DEAR MISS MANNERS: At an annual Christmas party sponsored by an organization that I belong to, one female (we will call her Alexa) was making a point of telling others that another woman (call her Briana) has worn the same dress three years in a row to the Christmas party and how tacky it was. I feel that Alexa was the one being rude and tacky. It doesn't change anything, but Alexa is living with Briana's old boyfriend. This is probably the cause of the diarrhea of the mouth in the first place.
I, like most guys, don't pay attention to who wears what, when or where. I am friends with both women and feel, as a friend, I should tell Briana, in a private setting, what was pointed out at the party (not who said it!). I would hate to see her come next year with the same dress, since it has been brought to others' attention. Hopefully, Alexa will see this and learn from her mistake. What is your view on this?
GENTLE READER: That there is more than one troublemaker here, and Miss Manners would appreciate it if you would leave well enough alone.
That Alexa made a catty remark does not reflect badly on her target, who was at least spared from hearing it, but on herself. Now you want to repeat the insult, complete with the tease of refusing to identify the source so that Briana can suspect everyone at the party of hostility. Furthermore, you accept the ridiculous premise that it was blameworthy of Briana to repeat wearing the same dress, presumably a favorite holiday party dress, and you want to "correct" her.
How you think this teaches Alexa a lesson Miss Manners cannot imagine. Her hope is that she can teach you one.
DEAR MISS MANNERS: My wife was performing in the alto section of a very large chorus in Handel's "Messiah," a piece I know well. The seats were general admission, and my son, granddaughter and I found ourselves in the balcony, behind a young attractive couple who were obviously not musicians, but very respectful of the performance.
This happy state of affairs lasted until the intermission. In the second half, the young man began to fondle (my word), or caress or stroke (my wife's words), the young woman, who was totally passive, doing nothing to encourage or discourage his actions.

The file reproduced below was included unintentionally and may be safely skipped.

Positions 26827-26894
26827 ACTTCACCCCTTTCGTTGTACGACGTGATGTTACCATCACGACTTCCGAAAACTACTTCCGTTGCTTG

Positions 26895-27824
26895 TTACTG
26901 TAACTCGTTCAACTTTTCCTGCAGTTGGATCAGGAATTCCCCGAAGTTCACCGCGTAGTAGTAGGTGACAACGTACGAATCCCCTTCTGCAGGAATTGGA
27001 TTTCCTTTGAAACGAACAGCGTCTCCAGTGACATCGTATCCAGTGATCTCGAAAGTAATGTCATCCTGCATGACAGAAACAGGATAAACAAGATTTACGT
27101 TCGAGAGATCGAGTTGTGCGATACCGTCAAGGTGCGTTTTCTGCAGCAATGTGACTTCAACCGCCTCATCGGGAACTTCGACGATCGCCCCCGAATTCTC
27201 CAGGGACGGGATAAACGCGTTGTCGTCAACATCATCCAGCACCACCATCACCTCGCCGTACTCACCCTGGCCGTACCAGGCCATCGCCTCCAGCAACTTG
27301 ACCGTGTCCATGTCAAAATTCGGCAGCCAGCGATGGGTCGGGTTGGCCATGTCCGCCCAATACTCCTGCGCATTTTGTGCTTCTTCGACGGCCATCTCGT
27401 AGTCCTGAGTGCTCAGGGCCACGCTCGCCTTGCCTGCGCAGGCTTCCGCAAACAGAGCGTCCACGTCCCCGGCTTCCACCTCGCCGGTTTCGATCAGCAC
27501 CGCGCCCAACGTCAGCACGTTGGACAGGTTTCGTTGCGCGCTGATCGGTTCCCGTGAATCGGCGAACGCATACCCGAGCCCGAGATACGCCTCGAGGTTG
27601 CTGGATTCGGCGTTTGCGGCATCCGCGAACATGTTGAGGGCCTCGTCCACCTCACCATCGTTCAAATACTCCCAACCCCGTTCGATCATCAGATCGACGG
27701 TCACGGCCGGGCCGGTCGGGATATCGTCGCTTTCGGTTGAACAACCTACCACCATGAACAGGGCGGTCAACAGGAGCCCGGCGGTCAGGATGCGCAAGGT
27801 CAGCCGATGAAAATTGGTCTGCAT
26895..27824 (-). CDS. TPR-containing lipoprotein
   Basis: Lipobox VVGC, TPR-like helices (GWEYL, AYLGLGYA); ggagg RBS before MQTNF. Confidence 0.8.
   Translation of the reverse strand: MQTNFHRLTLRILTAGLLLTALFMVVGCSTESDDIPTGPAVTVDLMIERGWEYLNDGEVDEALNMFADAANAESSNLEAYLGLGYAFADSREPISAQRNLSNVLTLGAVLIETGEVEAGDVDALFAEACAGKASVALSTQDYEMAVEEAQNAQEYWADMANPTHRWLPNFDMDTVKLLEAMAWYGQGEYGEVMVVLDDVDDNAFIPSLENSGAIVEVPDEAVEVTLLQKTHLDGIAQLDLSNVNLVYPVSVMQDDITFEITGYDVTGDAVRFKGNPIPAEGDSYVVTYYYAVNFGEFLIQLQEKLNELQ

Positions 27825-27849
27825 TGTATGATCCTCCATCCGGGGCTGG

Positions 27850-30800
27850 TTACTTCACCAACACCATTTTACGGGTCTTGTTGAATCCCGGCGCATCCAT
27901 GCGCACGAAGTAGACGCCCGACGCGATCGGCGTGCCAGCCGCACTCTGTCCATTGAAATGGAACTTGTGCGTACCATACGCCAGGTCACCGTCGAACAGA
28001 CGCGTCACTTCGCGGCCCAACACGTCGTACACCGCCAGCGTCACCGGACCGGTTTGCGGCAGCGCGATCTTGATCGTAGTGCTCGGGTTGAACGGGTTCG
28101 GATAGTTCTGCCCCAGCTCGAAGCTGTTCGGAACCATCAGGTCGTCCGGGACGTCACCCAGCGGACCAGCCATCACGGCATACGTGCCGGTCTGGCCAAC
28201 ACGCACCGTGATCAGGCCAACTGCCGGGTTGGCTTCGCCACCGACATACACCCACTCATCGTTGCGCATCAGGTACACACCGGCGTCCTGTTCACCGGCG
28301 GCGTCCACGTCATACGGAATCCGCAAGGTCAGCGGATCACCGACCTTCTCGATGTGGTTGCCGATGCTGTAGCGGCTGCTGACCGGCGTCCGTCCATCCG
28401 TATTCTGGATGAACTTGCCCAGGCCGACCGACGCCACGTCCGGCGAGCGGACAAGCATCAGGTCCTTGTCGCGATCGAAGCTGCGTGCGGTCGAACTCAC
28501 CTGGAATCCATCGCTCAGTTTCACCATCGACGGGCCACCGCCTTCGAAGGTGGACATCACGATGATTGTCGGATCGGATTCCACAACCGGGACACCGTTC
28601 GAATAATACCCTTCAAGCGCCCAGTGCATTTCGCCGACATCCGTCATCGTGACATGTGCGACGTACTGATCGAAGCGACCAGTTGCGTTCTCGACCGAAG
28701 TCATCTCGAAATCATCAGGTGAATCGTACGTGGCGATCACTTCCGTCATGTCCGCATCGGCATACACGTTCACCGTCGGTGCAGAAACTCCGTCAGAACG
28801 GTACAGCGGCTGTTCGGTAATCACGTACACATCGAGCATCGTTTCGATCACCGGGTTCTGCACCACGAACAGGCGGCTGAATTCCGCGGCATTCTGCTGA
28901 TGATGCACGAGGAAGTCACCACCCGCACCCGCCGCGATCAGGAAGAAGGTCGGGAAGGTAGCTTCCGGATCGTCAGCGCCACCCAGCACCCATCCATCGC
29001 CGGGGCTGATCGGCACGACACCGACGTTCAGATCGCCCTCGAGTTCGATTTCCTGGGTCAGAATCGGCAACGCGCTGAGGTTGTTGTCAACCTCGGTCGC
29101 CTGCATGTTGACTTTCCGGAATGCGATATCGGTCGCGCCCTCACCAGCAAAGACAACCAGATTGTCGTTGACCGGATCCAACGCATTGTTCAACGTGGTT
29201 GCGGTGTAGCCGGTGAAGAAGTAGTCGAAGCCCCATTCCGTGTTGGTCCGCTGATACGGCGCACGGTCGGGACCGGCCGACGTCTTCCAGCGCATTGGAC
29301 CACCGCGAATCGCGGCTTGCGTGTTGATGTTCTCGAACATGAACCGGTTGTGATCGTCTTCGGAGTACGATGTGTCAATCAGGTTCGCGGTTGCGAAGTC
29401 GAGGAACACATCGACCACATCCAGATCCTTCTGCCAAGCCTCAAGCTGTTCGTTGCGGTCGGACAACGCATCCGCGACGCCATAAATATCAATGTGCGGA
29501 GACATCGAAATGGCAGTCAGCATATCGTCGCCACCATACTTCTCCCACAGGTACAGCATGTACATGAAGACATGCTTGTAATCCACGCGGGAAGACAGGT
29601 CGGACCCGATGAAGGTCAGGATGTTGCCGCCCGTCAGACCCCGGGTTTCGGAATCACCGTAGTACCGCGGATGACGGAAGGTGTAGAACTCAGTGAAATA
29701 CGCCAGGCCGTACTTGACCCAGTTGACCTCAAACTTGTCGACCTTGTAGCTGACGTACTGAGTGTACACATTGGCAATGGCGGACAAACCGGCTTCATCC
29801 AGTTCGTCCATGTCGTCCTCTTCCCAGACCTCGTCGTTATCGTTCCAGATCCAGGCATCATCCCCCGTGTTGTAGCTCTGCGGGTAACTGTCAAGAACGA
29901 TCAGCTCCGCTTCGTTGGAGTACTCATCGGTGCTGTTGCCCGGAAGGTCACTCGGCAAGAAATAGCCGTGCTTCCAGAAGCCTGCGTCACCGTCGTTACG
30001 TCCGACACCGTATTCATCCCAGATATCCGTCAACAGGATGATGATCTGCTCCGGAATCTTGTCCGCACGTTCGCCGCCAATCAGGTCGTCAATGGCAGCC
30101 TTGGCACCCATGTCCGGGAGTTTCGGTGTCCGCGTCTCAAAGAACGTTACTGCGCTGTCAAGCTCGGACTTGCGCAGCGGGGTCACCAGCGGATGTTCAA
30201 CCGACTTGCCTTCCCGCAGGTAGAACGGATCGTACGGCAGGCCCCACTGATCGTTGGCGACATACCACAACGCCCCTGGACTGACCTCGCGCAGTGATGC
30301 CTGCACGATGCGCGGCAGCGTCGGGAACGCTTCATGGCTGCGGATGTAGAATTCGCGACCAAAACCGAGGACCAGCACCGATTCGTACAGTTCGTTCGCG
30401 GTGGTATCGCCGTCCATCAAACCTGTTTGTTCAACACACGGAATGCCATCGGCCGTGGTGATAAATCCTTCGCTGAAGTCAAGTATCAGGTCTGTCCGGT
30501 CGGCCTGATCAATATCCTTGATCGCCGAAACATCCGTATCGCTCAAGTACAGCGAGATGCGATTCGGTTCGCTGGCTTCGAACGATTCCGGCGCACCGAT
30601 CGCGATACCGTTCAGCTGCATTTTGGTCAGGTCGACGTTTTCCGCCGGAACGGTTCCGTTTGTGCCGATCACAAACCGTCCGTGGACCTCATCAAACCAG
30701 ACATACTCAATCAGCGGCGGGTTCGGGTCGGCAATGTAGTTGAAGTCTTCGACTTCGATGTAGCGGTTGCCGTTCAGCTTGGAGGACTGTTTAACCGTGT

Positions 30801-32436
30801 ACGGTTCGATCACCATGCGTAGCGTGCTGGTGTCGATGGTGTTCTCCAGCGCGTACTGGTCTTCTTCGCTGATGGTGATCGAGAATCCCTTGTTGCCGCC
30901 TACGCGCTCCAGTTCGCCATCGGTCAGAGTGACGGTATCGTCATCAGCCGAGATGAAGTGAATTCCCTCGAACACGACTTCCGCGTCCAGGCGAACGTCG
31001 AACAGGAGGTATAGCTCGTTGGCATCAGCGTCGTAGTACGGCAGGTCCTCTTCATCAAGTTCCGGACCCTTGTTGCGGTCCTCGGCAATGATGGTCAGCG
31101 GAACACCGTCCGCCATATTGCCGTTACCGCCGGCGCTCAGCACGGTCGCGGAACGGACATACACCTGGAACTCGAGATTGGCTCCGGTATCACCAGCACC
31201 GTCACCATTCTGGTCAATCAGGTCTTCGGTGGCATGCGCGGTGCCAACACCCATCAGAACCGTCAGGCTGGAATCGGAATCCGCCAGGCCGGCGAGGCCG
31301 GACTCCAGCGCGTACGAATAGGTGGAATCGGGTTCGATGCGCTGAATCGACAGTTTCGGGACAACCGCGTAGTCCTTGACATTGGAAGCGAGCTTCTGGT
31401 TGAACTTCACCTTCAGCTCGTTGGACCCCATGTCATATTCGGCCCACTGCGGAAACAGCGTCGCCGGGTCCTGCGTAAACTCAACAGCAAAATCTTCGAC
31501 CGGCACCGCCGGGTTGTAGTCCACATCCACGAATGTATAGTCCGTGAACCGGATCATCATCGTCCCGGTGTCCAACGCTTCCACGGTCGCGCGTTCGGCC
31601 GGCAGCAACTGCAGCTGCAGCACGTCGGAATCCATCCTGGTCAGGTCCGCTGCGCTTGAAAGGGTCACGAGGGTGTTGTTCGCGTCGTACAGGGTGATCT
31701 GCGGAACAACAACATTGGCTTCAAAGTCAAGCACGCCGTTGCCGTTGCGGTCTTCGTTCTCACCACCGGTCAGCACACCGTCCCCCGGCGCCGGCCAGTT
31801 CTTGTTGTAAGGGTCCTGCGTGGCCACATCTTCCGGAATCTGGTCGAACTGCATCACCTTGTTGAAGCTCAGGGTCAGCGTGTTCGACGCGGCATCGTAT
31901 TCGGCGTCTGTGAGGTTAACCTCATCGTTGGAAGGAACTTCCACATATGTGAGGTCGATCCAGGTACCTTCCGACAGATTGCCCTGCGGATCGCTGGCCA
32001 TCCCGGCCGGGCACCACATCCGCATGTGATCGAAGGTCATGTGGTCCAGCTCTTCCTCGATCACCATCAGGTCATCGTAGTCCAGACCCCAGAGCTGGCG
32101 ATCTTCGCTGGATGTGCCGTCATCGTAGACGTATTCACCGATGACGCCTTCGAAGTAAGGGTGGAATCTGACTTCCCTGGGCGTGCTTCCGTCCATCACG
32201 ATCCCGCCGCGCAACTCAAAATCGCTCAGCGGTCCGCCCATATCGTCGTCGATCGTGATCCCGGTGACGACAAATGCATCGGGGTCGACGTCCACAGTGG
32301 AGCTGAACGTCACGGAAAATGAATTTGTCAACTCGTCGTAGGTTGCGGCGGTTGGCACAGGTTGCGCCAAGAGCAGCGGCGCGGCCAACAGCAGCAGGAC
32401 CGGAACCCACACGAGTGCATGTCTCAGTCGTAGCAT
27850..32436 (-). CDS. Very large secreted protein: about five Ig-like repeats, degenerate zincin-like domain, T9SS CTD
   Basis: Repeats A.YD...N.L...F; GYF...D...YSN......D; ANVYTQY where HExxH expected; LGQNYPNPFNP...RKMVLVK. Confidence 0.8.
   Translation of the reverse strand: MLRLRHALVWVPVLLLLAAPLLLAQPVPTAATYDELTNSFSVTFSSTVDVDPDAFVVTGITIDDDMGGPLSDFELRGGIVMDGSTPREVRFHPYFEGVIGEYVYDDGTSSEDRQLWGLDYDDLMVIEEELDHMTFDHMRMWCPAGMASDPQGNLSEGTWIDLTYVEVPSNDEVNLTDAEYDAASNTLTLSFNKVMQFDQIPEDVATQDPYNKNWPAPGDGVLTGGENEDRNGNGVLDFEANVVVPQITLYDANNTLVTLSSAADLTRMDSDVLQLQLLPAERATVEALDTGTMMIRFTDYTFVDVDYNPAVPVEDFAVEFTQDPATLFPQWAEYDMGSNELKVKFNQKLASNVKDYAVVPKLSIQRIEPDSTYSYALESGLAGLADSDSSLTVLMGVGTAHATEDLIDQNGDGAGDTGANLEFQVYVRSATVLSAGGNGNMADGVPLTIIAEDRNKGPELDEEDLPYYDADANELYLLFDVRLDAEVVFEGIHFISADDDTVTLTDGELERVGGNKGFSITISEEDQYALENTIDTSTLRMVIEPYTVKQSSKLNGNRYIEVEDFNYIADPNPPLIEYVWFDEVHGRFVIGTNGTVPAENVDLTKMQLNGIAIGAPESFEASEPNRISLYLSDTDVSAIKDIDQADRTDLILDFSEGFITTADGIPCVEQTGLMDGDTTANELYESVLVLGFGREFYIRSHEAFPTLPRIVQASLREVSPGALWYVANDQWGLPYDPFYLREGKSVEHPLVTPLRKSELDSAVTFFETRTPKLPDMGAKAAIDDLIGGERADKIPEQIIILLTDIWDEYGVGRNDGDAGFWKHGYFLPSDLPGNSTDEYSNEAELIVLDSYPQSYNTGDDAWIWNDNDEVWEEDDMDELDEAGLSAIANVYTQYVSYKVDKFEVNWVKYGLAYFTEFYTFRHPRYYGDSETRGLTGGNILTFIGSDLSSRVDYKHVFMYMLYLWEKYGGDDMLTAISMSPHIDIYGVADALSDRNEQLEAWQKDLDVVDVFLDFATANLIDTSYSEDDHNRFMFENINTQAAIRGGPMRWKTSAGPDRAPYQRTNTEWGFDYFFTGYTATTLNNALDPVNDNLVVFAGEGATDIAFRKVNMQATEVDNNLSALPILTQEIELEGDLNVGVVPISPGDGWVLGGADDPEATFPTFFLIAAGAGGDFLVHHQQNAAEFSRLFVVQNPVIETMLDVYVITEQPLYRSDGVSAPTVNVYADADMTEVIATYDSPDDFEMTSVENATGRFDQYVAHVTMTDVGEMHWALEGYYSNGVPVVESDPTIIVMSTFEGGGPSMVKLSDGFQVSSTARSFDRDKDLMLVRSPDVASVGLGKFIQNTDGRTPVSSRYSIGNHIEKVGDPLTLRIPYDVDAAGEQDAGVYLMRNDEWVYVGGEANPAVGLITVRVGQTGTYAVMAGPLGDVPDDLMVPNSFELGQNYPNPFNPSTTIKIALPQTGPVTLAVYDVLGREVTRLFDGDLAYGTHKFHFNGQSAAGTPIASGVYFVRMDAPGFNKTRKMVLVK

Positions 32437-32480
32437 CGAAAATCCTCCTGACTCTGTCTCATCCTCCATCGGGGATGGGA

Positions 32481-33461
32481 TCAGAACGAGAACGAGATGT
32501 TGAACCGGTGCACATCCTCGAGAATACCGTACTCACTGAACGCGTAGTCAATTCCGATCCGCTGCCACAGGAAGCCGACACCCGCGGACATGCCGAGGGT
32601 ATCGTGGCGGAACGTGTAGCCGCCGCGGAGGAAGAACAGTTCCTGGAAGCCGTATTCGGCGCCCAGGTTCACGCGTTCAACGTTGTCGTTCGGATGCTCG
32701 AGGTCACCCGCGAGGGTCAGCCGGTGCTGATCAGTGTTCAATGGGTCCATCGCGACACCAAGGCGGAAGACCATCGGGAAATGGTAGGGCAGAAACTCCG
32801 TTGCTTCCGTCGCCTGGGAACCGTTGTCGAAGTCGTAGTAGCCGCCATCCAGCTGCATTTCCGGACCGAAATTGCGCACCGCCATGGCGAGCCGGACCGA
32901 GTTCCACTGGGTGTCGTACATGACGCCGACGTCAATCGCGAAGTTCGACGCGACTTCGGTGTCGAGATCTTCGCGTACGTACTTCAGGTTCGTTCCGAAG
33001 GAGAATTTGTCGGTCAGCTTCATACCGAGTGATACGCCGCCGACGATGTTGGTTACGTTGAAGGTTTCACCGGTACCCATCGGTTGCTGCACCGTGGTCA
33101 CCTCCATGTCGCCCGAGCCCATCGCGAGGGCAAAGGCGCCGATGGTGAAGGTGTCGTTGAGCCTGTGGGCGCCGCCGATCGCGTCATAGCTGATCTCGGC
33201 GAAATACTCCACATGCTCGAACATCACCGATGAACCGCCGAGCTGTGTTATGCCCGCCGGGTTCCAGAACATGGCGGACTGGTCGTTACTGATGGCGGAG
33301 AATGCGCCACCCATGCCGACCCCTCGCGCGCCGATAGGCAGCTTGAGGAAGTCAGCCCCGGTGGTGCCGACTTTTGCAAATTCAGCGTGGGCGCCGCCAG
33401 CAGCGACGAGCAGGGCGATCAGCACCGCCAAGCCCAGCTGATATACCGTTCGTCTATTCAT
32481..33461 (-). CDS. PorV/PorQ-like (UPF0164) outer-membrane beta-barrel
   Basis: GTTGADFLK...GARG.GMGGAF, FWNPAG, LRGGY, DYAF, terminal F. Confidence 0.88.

I tried my very best to ignore what was literally right in front of me. I held up my program to screen it out, but to no avail. My irritation mounted, and I carefully assessed my options:
1) I could get up, leave my seat, disrupt people on the aisle and, inexplicably to my family, find another seat.
2) I could attempt to ignore the behavior.
3) I could fume and fuss internally.
After considerable thought, I decided to speak to the young man after the concert, and was then able to concentrate on the "Hallelujah" chorus. As we were filing out, I carefully took him aside when his companion was not within earshot and told him that his behavior had significantly disturbed my concentration.
His words to me were, "Sir, I am very sorry that you were disturbed; my sincere apologies." I was very impressed with his demeanor, and readily accepted his repeated apologies.
Is it possible that I might have overreacted to the situation itself? Can you think of a better way in which I might have handled it?
GENTLE READER: Congratulations on preserving peace on Earth, or at least in the balcony. Knowing the music crowd well, Miss Manners is grateful that you didn't consider violence. How you feel is not something she wishes or is able to control. What she does care about is that you controlled yourself enough to deliver the rebuke in a way that was apparently inoffensive.